New World Center for Traditional Medicine could be a game changer WHO’s Poonam Khetrapal
In April, Prime Minister Narendra Modi and the Director General of the World Health Organization (WHO), Dr Teros Ghebreyesus, inaugurated the World Center for Traditional Medicine (GCTM) of the World Health Organization (WHO). ) in Jamnagar, Gujarat.
Modi pledged $250 million for the establishment, infrastructure and operations of the institute. The whole world is keeping tabs on the fact that the central government could be a game changer by focusing on strengthening the evidence base of traditional medicine.
In an effort to get more insight into GCTM and the current Covid-19 situation, BW Businessworld spoke with Poonam Khetrapal, WHO Regional Directorate, South East Asia.
Khetrapal explained the importance of traditional medicines and WHO’s plan to partner with the Ayush Ministry and the Union government to build a global center for traditional medicine. Edited excerpts:
How will the establishment of the WHO Global Center for Traditional Medicine in India help us?
Over 80% of the people in the world use traditional medicine and practices and for many people traditional medicine is the first port of call. In India, traditional medicine and practices have been used since ancient times and are strongly embedded in culture and daily life.
All over the world and in India, there are many examples of traditional medicines transformed into modern medicines with products such as turmeric, neem and jamun. Yet, there is still work to be done to identify, develop and test these products and to integrate traditional medicine into the traditional health care delivery system.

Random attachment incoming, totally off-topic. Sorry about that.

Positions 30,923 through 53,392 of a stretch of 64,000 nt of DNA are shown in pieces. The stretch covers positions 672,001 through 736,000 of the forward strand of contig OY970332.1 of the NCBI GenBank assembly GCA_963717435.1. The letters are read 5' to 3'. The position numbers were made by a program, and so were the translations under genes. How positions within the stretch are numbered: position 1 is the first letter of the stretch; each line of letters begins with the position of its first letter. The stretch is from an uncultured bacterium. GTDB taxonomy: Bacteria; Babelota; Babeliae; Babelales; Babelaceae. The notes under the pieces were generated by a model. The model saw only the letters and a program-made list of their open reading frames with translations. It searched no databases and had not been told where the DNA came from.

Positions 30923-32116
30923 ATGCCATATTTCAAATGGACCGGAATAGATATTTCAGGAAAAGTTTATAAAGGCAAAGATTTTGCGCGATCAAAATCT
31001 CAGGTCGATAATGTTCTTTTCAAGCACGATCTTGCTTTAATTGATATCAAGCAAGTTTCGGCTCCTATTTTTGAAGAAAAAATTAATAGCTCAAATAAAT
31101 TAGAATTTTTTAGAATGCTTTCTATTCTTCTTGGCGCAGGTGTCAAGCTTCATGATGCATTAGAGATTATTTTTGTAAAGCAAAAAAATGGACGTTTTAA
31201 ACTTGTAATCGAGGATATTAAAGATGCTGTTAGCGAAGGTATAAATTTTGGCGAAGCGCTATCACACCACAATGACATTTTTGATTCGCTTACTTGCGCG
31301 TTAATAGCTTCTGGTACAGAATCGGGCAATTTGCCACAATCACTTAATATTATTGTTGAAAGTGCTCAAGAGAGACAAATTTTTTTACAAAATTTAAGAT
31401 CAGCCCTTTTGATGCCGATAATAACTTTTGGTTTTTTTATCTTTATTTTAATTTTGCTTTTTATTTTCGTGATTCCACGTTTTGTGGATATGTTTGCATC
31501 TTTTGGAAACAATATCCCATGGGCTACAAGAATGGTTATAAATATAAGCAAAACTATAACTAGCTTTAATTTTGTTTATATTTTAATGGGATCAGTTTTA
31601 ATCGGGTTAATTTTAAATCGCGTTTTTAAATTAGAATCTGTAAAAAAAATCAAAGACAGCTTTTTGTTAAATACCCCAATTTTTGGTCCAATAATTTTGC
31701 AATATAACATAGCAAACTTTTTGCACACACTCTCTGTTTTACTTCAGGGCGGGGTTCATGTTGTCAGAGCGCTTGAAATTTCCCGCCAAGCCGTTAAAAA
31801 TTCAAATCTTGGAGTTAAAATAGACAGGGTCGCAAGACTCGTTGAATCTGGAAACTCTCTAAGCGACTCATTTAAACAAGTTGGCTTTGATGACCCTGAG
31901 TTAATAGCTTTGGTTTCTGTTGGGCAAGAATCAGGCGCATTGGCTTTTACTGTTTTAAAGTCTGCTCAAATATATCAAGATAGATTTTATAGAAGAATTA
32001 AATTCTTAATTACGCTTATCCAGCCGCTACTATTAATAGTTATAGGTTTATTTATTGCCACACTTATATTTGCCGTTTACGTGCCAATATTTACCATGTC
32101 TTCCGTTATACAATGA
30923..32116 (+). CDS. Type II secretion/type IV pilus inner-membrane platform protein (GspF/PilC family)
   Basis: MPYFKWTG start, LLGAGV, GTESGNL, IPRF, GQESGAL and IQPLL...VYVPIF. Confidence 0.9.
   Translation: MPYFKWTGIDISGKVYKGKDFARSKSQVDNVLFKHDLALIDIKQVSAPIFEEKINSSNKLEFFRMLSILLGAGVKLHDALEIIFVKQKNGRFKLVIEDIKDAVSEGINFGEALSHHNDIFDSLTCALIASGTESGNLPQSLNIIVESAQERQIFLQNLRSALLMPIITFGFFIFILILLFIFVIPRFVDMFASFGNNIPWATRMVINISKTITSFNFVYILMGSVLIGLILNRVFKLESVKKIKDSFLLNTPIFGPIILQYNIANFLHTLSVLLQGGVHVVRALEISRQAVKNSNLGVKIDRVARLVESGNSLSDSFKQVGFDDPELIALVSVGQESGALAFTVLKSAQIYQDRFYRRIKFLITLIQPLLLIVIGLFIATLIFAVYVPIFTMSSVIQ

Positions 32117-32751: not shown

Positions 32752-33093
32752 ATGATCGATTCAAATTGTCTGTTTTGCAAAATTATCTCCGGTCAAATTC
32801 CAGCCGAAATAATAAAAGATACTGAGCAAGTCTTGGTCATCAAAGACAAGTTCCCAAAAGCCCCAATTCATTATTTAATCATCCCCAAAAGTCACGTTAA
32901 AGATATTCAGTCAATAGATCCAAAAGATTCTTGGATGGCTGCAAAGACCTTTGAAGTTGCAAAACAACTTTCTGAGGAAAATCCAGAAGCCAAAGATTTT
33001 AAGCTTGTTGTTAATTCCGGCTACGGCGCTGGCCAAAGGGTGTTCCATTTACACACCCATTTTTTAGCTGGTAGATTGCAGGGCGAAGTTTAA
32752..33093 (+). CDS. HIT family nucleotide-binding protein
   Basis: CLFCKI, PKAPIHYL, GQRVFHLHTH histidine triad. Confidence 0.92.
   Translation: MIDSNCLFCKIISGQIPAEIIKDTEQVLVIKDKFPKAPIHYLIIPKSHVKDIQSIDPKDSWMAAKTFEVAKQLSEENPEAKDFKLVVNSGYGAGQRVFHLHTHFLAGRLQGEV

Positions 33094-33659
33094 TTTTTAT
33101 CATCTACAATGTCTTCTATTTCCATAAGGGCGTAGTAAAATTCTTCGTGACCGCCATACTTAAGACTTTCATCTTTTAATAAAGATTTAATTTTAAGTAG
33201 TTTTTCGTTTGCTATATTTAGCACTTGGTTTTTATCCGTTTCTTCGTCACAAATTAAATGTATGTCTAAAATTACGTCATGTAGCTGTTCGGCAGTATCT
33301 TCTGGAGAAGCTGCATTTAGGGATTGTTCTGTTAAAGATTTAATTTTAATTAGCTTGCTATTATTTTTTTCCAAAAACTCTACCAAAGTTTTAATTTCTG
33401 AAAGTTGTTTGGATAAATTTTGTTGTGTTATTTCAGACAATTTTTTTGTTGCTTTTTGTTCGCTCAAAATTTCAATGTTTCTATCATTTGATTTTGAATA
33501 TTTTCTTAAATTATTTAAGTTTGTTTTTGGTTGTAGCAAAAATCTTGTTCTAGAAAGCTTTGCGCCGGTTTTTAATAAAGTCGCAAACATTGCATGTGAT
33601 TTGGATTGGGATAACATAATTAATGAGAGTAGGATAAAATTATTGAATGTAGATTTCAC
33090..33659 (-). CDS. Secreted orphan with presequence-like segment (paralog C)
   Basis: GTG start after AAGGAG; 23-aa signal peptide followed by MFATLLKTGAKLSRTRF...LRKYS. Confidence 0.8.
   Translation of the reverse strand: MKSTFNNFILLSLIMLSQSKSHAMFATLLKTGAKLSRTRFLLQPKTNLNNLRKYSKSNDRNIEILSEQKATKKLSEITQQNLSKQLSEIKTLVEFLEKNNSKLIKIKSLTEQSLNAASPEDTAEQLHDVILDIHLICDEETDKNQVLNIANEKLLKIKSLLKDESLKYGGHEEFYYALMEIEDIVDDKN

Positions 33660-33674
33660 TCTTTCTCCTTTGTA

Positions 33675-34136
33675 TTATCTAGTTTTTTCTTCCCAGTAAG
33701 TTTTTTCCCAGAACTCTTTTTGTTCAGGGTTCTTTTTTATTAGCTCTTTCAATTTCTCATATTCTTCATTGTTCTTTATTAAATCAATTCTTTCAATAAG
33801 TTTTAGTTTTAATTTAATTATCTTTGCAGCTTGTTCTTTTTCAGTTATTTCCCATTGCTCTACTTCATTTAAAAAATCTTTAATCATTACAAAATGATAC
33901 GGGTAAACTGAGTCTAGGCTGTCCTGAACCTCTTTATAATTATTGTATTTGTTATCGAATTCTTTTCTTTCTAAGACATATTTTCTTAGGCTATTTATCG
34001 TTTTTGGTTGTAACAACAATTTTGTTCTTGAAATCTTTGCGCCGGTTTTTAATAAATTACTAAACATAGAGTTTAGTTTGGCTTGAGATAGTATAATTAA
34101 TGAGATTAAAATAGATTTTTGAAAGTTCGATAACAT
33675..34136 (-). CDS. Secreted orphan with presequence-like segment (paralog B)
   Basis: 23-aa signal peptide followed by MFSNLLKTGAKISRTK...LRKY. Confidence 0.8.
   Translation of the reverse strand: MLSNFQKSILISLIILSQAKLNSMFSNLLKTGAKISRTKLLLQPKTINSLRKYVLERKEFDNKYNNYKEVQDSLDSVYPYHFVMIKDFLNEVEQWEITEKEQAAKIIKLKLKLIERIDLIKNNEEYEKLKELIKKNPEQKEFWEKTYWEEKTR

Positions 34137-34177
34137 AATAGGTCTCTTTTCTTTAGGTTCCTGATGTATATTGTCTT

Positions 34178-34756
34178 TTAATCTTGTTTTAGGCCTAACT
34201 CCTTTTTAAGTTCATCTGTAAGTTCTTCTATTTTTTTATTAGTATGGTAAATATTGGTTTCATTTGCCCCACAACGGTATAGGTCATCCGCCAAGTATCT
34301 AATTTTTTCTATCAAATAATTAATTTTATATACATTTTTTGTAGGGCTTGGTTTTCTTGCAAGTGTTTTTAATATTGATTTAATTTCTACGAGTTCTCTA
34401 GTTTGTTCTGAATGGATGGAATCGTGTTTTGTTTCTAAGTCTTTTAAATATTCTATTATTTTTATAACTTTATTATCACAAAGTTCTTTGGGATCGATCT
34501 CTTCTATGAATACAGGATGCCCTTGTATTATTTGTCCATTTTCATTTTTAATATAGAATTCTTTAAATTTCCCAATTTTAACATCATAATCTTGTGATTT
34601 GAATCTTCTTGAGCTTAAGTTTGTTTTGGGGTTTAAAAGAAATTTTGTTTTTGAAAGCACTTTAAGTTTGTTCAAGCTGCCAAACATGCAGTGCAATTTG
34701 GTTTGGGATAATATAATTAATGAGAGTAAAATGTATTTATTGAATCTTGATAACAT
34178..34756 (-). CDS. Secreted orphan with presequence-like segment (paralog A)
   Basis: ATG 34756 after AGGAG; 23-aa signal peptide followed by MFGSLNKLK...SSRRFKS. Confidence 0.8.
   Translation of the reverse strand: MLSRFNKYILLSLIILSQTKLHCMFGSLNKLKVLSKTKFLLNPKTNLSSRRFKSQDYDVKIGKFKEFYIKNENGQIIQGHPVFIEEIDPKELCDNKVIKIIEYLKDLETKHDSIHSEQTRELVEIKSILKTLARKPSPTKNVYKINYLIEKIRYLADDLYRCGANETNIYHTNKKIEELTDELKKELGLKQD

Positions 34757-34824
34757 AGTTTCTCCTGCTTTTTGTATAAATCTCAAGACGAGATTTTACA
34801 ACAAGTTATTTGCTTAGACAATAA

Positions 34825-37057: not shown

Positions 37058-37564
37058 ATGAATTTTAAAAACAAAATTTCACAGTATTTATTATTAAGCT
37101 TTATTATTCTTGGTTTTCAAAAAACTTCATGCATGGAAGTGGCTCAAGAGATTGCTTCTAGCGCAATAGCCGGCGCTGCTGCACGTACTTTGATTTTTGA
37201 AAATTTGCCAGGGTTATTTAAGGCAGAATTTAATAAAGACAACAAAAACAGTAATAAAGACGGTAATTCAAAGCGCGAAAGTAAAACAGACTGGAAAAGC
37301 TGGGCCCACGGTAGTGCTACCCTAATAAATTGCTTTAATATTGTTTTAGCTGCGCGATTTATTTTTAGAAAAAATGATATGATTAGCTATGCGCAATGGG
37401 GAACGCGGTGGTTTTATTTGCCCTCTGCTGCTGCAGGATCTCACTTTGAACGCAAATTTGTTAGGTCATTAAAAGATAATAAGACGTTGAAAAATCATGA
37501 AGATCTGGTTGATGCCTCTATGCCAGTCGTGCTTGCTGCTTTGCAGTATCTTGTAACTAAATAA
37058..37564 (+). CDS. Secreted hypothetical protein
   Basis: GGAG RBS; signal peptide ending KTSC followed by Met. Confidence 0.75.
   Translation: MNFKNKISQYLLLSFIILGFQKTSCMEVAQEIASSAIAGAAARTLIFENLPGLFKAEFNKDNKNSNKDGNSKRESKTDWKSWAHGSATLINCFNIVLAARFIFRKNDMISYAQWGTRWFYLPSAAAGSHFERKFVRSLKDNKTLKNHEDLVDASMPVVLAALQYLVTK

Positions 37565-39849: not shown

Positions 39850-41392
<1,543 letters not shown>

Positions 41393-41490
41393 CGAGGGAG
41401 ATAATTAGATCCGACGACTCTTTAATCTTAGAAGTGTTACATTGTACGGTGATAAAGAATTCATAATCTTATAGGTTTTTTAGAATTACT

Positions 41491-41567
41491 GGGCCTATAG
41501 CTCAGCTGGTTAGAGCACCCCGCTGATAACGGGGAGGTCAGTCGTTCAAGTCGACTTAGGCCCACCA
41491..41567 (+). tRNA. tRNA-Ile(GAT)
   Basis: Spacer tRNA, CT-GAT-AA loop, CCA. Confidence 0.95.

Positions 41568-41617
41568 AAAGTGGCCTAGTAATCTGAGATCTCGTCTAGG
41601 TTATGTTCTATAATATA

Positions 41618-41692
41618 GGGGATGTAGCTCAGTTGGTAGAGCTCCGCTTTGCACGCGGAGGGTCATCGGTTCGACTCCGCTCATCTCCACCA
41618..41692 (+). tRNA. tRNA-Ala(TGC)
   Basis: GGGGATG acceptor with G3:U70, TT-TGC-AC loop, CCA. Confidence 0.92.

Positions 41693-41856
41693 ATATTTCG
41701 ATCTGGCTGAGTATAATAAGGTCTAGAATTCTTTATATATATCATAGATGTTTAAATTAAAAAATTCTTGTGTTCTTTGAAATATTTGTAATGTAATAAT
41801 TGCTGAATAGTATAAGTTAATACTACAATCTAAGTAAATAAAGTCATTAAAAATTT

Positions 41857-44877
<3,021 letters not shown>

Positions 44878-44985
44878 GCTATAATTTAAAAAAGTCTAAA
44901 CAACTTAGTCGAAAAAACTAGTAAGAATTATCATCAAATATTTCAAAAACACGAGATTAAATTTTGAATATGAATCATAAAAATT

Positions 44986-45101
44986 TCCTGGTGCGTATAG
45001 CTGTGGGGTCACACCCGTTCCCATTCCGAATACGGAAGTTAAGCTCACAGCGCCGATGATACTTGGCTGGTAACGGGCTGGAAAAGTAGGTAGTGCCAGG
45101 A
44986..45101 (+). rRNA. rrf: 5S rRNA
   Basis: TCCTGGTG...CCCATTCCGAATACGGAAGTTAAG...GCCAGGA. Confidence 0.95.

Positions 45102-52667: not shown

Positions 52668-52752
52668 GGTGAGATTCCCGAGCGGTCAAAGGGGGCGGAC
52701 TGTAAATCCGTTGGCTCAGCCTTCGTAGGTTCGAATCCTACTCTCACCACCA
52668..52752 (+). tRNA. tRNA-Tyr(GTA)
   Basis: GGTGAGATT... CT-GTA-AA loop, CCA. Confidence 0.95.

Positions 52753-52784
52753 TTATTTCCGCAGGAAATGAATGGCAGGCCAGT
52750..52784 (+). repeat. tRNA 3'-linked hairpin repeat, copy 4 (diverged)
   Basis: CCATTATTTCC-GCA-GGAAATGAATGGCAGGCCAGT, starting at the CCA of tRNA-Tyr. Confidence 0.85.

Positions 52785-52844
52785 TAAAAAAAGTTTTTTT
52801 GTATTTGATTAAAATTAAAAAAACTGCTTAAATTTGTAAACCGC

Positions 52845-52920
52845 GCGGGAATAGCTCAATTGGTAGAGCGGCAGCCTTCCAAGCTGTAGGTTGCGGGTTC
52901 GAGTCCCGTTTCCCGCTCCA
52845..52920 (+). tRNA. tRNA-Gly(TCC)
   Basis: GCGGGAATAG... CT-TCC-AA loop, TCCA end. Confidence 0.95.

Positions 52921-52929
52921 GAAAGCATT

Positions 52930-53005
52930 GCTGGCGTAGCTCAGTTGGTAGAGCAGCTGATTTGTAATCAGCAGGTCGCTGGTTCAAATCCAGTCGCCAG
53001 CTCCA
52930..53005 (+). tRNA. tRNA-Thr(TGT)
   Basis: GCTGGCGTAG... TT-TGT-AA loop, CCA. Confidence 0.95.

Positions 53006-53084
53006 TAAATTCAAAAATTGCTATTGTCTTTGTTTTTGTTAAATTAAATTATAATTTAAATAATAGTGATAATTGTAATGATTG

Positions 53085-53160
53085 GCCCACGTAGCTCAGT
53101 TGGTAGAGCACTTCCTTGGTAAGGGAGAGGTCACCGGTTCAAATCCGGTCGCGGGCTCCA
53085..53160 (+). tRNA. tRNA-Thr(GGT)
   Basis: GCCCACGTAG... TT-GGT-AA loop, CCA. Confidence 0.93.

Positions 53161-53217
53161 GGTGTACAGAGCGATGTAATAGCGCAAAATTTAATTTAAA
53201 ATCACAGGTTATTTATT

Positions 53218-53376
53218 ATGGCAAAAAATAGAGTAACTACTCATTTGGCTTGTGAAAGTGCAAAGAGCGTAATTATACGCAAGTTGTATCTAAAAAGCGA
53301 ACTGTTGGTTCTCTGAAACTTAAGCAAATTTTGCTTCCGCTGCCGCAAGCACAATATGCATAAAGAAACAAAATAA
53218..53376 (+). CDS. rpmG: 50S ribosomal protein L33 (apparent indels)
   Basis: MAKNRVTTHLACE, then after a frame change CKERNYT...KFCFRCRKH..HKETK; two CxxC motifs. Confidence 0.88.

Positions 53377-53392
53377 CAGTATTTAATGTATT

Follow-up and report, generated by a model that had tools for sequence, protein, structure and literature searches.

The new WHO Global Center for Traditional Medicine could be a game-changer by focusing on strengthening the evidence base for traditional medicine, bringing together evidence and data to inform policies, standards and regulatory frameworks, ensuring sustainability and equity and, innovation and technology to maximize the role of traditional medicine in global health and sustainable development.
What is the importance of traditional medicines in the health system?
Traditional medicine and practices are used in more than 170 of WHO’s 194 member countries and play a vital role in people’s health and well-being. More than 40% of pharmaceutical formulations are based on natural products and many contemporary drugs have their origins in traditional medicine. Traditional medicine is part of the growing global health, wellness, beauty and pharmaceutical industries due to its unique and holistic approach to health. Traditional medicine will also complement the modern medicine system to prevent and control non-communicable diseases and mental health.
The current Covid-19 pandemic has further impacted health systems across the world and all countries need to mobilize all available resources, including traditional medicines, to recover from the pandemic, close the gaps in the health coverage and accelerate progress towards the health targets of the Sustainable Development Goals.
As Regional Director for the South-East Asia Region of the World Health Organization, what will be your three priorities for advancing progress towards ending Covid-19?
We can and must end the acute phase of the pandemic this year. Countries should boost immunization coverage with a focus on at-risk groups, including frontline medical workers, the elderly, and immunocompromised people. The WHO has asked countries to vaccinate 70% of their population by the middle of this year. The WHO South-East Asia Region has made commendable progress in vaccinating people against Covid-19. The 10 countries of the WHO South-East Asia Region have already reached the milestone of vaccinating 40% of their population with the primary series of vaccines against Covid-19. Three countries have reached the target of 70% coverage with the primary series and we must accelerate our efforts to extend coverage.